IN RECENT YEARS it has become apparent that a number of patients with serious cardiovascular disease are being mistakenly referred by their internists to psychiatrists. In turn the latter search vainly for the correct psychiatric diagnoses when, in fact, they should reallocate the patient in order to secure for him specialized and intensive medical investigation. A simple medical evaluation in these situations is unlikely to uncover the correct state of affairs. Hence, the patient will be as far from help as before he or she consulted not one, but at least two, physicians considered to be relatively expert.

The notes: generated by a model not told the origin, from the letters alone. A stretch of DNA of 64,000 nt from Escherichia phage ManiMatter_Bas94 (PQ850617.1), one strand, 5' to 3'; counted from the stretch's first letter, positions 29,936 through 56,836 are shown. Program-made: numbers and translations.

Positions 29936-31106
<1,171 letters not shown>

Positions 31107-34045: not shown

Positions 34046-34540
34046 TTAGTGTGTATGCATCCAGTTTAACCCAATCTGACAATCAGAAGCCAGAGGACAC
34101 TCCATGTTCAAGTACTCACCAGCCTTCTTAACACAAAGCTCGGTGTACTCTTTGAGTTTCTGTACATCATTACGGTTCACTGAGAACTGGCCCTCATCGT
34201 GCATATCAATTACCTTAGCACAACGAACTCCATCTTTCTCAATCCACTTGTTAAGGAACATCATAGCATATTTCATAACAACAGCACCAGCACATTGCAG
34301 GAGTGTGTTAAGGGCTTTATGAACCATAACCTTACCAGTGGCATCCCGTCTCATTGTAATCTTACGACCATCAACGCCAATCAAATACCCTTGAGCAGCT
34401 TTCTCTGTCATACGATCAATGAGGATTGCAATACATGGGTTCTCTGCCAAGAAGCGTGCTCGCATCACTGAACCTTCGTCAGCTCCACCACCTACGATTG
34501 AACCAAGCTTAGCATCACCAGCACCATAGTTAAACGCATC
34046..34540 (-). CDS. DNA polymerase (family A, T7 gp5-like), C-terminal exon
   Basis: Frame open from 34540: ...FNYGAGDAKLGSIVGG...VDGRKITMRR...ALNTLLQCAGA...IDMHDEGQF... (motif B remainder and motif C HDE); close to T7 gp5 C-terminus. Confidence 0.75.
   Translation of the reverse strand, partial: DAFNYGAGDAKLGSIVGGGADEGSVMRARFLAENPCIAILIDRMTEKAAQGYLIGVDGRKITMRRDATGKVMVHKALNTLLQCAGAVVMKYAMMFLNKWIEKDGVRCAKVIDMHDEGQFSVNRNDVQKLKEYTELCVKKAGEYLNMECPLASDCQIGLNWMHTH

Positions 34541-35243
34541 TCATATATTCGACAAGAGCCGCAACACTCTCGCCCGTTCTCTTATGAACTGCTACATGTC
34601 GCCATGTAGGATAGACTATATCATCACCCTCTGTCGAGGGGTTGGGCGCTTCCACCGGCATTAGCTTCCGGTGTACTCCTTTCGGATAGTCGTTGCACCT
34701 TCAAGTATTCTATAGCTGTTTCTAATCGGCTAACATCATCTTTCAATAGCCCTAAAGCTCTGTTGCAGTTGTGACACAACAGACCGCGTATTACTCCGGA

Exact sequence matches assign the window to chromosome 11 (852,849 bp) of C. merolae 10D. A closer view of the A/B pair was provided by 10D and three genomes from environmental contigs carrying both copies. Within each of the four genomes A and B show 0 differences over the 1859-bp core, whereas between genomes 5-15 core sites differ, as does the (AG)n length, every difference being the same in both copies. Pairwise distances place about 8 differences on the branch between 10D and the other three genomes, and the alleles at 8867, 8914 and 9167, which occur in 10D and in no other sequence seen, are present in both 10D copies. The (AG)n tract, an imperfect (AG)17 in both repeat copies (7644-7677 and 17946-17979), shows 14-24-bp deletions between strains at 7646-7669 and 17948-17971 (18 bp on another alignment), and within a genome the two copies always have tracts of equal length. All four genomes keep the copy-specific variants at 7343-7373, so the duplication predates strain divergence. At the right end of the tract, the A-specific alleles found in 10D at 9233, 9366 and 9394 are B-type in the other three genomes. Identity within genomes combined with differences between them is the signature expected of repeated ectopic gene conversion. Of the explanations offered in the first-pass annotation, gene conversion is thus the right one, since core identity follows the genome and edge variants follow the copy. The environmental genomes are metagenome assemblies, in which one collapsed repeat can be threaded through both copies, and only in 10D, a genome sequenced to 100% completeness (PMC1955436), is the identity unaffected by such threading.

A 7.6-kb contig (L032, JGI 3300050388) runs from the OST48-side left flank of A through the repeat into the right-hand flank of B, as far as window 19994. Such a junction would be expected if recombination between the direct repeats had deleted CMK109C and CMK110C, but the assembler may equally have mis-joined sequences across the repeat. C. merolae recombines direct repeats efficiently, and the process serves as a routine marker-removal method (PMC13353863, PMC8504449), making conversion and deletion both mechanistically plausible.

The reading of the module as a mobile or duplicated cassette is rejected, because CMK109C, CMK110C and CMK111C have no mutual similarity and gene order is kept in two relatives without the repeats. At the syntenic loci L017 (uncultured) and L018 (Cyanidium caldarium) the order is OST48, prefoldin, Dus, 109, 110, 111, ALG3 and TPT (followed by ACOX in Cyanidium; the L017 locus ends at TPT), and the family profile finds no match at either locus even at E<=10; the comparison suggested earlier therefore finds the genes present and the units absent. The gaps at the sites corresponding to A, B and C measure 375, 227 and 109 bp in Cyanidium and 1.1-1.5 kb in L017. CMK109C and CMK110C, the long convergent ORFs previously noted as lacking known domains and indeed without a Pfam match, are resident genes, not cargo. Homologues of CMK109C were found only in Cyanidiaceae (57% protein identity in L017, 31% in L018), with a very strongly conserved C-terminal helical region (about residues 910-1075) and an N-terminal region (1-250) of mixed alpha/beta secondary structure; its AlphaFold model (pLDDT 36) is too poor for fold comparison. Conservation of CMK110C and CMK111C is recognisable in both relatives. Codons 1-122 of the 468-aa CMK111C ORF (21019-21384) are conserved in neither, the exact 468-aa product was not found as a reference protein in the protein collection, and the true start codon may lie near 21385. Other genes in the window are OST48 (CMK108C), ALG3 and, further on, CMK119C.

There are certain symptoms in cardiovascular disease which may exist without objective confirmation or ready explanation and hence are often assigned to a functional nonpathologic origin. In particular there are two groups of patients, those with intermittent complete atrioventricular (AV) block